June 25, 1847
Location: Branch of Sweetwater - 248 1/4 m. left, Wyoming - [Today's Rock Creek]. Location of common grave for 13 members of the Willie Handcart Company. (Water good and cold. Grass and willows, plenty. Two rods wide, two feet deep.) - 782 3/4 miles from Winter Quarters.
Summary: The nights are colder, the days hotter as Pioneers reach the higher, snow filled altitude plains.
Journal entry: FRIDAY, 25TH. President Young's horse is dead. The morning is fine but very cool. At twenty minutes to seven o'clock, we pursued our journey fording the river a quarter of a mile below where we left the road last night. We found it still nearly three feet deep and the current very swift. After proceeding a half a mile beyond the ford, we crossed a stream about a rod wide which appears to come from the northeast and empties into the river a little farther up. Half a mile beyond this stream, we turned from the river to the northwest and began to ascend a very high bluff which we found pretty steep and over a mile and a half to the top. The road then gradually bends around towards the river and begins to descend over hill and hollow and at four and a quarter miles from where we camped, strikes the river again and continues a quarter of a mile on its banks. Here would be a pretty good place to camp, there being sufficient grass for a large company.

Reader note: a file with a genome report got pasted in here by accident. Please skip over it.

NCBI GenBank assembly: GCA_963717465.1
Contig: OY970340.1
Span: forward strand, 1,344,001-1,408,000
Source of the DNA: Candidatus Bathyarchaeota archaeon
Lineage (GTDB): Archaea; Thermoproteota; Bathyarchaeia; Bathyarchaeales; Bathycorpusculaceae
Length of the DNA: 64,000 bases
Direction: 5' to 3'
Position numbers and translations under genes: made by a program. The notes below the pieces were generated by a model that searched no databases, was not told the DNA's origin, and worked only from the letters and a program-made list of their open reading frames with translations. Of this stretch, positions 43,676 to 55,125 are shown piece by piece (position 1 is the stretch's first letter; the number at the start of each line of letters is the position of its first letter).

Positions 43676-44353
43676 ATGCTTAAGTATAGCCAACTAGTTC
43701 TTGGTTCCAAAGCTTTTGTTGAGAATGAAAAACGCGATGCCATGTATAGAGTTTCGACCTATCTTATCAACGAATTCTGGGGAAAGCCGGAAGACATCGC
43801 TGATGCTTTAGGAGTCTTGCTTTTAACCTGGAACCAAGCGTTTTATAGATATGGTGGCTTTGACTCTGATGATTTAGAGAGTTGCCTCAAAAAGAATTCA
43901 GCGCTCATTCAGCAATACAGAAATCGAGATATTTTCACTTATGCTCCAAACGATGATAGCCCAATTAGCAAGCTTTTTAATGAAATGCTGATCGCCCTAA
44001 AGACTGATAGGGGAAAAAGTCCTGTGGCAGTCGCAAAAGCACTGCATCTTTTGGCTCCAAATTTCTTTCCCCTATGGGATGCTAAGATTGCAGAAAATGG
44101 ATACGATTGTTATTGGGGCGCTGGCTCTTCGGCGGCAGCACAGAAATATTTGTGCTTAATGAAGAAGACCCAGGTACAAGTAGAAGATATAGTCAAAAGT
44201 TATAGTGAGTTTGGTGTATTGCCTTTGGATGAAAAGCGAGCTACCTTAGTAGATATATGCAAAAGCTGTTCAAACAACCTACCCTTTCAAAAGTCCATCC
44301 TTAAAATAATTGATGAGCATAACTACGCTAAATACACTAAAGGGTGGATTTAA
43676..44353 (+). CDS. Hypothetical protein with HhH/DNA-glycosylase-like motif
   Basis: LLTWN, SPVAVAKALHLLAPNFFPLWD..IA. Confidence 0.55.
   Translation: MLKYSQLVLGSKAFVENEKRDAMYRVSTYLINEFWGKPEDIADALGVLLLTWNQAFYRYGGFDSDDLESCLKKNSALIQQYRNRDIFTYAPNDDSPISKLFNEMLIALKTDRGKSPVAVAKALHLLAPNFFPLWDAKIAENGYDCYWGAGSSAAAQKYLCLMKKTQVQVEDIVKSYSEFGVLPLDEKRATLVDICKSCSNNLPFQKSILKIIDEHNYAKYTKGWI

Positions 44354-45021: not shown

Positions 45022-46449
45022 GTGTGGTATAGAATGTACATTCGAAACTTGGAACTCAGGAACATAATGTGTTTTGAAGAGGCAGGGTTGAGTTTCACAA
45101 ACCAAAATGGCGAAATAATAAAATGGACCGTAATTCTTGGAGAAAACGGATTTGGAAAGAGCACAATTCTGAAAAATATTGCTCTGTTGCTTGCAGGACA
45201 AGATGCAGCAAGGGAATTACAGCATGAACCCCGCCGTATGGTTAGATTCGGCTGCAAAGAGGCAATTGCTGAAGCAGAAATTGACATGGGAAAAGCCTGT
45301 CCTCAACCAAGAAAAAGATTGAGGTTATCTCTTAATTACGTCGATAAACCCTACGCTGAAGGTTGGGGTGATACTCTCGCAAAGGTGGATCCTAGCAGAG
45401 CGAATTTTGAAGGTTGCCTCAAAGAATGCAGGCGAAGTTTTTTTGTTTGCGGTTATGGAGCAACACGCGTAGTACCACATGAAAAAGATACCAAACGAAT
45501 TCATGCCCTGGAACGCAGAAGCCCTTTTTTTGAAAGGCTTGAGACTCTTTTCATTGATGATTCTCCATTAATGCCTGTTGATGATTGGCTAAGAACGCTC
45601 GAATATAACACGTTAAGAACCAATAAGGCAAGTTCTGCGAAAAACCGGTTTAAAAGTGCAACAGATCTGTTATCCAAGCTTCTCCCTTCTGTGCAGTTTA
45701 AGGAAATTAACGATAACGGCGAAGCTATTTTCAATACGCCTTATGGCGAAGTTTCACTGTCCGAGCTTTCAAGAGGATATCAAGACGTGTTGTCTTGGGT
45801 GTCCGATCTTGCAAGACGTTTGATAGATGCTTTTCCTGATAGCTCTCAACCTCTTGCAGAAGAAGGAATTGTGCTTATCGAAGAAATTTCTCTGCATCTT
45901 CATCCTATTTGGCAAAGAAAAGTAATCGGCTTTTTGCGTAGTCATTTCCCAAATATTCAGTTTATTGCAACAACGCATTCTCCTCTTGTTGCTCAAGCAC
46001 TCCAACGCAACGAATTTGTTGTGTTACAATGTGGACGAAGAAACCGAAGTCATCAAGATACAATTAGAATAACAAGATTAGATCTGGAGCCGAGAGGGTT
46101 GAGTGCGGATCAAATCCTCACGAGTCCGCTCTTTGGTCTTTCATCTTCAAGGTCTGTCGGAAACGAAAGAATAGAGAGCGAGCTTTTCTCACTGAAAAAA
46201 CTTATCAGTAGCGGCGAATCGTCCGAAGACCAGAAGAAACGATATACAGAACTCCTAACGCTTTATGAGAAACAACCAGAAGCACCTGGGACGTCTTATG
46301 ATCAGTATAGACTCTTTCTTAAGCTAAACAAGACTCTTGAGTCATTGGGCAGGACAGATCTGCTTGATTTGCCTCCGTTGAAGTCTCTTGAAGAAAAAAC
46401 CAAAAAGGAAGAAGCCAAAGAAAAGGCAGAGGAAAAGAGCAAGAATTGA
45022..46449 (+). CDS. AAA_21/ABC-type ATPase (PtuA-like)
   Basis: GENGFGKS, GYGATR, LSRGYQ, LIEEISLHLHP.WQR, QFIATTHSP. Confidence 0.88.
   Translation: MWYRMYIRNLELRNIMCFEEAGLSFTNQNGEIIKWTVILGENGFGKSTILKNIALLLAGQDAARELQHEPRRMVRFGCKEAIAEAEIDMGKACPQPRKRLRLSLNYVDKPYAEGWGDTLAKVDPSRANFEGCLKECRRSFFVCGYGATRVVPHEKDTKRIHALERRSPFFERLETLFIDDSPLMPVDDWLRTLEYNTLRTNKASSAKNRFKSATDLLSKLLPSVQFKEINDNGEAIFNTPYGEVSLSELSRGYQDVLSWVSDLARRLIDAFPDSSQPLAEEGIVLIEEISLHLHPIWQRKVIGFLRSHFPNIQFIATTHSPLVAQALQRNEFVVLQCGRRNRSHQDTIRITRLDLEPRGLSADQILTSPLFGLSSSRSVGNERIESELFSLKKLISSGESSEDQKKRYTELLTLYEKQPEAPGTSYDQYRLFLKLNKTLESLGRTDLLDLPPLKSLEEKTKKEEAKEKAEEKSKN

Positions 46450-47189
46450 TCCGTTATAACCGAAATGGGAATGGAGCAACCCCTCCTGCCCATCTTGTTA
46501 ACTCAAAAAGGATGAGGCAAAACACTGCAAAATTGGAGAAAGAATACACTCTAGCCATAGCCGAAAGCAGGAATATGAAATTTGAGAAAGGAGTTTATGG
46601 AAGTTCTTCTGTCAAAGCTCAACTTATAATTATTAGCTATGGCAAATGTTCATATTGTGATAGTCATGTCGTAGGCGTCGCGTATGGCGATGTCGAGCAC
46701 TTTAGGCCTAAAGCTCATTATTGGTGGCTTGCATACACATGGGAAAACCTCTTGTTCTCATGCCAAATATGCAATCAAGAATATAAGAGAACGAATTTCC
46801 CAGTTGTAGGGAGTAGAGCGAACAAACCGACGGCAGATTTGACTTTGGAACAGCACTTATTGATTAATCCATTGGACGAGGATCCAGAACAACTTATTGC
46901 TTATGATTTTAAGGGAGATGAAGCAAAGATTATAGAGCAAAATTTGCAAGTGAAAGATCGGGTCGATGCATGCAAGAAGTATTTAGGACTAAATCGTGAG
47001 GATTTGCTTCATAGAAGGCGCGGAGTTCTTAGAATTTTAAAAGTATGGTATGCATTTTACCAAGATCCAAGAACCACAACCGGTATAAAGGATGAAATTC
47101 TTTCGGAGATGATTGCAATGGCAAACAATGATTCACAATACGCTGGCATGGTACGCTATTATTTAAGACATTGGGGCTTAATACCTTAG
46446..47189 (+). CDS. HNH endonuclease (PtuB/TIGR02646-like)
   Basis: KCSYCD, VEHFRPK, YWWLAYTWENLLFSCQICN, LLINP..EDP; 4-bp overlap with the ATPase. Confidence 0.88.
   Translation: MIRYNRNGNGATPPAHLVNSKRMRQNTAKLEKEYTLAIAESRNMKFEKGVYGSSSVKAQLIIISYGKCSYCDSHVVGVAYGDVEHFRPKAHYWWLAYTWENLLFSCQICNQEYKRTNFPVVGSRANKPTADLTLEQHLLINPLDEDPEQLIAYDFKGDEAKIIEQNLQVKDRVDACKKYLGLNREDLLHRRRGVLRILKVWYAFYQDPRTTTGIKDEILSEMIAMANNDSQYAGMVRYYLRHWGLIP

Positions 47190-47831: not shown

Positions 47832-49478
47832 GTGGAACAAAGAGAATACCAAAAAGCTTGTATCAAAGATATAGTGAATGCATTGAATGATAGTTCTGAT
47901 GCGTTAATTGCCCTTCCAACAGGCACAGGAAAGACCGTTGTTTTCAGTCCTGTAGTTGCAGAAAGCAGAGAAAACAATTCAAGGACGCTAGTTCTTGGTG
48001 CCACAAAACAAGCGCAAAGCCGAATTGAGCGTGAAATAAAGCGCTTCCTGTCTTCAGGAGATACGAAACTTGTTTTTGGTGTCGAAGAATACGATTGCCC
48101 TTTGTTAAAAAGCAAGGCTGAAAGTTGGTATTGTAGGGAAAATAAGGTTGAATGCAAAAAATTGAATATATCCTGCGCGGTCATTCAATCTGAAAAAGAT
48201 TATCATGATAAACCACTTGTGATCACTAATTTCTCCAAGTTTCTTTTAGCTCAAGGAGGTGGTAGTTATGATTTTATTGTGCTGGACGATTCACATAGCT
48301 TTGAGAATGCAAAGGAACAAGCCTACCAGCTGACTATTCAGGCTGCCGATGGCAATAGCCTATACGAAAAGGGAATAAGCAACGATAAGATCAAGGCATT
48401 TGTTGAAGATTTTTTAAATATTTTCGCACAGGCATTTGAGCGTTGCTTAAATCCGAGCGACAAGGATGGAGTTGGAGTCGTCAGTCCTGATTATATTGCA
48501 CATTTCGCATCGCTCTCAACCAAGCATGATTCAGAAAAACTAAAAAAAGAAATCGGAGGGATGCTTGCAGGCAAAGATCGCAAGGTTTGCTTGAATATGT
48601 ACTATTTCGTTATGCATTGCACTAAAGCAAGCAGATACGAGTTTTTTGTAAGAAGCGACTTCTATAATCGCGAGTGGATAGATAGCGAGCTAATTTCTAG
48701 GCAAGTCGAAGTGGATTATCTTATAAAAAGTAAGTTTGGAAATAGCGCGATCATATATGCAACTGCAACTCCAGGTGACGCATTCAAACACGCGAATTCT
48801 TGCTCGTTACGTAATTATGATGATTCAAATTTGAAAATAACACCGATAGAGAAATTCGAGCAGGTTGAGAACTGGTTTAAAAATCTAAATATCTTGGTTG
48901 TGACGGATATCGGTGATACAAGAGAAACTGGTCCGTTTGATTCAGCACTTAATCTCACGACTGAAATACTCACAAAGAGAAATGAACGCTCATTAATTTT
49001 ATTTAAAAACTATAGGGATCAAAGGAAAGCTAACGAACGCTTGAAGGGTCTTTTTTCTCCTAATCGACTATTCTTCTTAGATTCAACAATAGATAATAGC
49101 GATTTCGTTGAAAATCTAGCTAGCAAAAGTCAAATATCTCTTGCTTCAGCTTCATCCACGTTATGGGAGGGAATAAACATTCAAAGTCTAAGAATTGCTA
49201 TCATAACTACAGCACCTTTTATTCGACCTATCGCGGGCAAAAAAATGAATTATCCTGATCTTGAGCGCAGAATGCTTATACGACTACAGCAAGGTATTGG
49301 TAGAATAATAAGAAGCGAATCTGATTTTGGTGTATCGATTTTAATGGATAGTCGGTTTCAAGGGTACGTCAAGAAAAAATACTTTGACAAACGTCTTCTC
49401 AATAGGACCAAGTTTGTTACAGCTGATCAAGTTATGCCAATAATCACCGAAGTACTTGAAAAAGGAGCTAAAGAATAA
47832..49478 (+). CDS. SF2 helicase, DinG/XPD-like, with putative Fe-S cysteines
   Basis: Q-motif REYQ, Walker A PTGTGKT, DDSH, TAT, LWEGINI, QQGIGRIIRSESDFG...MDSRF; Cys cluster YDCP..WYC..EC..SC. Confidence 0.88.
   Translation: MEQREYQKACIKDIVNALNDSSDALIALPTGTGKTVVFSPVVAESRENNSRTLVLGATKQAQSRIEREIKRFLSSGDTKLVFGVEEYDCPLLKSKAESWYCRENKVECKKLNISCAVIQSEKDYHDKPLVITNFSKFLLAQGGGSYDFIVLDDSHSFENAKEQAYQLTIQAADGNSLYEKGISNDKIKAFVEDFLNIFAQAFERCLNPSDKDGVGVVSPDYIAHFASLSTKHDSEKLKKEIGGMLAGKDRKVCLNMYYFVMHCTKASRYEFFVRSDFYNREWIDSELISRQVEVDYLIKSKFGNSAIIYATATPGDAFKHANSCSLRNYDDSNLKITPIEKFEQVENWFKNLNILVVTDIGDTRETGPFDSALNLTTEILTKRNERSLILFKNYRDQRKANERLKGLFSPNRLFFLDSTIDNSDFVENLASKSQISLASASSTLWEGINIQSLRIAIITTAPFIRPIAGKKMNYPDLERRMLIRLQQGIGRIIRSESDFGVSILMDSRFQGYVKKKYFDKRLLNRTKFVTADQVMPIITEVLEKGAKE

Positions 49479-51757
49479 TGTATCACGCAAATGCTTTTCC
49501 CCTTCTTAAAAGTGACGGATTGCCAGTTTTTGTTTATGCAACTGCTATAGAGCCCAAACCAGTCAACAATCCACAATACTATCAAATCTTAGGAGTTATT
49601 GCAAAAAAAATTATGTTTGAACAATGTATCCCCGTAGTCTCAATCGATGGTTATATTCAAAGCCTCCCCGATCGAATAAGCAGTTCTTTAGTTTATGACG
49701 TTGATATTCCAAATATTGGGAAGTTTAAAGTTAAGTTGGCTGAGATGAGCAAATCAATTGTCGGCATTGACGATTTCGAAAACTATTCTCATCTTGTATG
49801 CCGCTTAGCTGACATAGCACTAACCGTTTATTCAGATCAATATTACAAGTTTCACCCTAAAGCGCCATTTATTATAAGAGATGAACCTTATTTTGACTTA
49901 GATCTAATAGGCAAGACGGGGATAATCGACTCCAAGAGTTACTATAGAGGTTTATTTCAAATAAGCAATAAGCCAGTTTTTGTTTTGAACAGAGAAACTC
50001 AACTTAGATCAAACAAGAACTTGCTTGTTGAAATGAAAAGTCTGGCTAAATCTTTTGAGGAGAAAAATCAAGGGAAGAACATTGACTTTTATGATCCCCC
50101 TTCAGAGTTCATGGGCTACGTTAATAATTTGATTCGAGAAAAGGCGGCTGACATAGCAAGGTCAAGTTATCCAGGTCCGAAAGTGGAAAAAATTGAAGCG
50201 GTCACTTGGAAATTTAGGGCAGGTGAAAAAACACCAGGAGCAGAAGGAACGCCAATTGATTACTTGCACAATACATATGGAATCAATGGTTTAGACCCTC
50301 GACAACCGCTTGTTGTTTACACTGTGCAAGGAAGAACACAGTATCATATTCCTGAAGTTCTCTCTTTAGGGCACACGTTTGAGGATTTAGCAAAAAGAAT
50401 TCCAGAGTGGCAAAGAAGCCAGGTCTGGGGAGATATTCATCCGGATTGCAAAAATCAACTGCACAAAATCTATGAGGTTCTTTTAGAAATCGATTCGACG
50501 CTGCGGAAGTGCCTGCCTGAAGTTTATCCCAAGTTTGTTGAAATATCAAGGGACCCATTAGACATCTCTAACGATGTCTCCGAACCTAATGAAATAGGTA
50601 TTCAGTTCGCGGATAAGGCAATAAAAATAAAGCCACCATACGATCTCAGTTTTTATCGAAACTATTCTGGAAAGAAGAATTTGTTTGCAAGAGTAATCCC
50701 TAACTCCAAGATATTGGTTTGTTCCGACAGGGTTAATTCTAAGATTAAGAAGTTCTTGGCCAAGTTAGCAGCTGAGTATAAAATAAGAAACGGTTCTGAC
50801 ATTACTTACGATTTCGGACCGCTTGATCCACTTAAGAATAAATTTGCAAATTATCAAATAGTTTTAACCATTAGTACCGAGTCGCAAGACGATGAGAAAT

> After traveling a quarter of a mile near the river we encountered another high sandy ridge, the road again winding to the north to cross it. The descent on the west side is very steep and unpleasant. We strike the river again after traveling one and a quarter miles from where we last left it, but it is the opinion of many that by fording the river twice at the foot of the ridge we could save a mile and they think it can be forded. Colonel Rockwood has paid particular attention to the place and reports that one hour's labor for 100 men would dig down the foot of the ridge so as to make it good passing and save rising the ridge and a mile's travel without fording the river.
After leaving the west foot of this ridge, we crossed a stream about twenty - five feet wide and again a quarter of a mile farther the same, only about six feet wide. On examining it, we found it to be a branch of the river running around a piece of land about a quarter of a mile across and forming a semi - circular island. The last crossing was soft on both banks. The high sandy bluffs on each side the river seem to approach much nearer to each other and leave only a small strip of low land on each bank.
At 11:20 passed a creek two feet wide and halted for noon having traveled eight and three quarter miles, the wind blowing very strong from the northwest and making it cold and unpleasant traveling and filling the wagons with dust. The latitude at this halt by Elder Pratt's observation is 42' 28' 36.
At 1:20 we proceeded again, our road running on the river banks two miles then turning to the northwest and ascending a succession of hills one after another for three miles farther, winding around and over hill and valley in some places over a good hard road, and in other places over rocks and broken fragments of rock, making it severe on wagons and requiring great care in teamsters.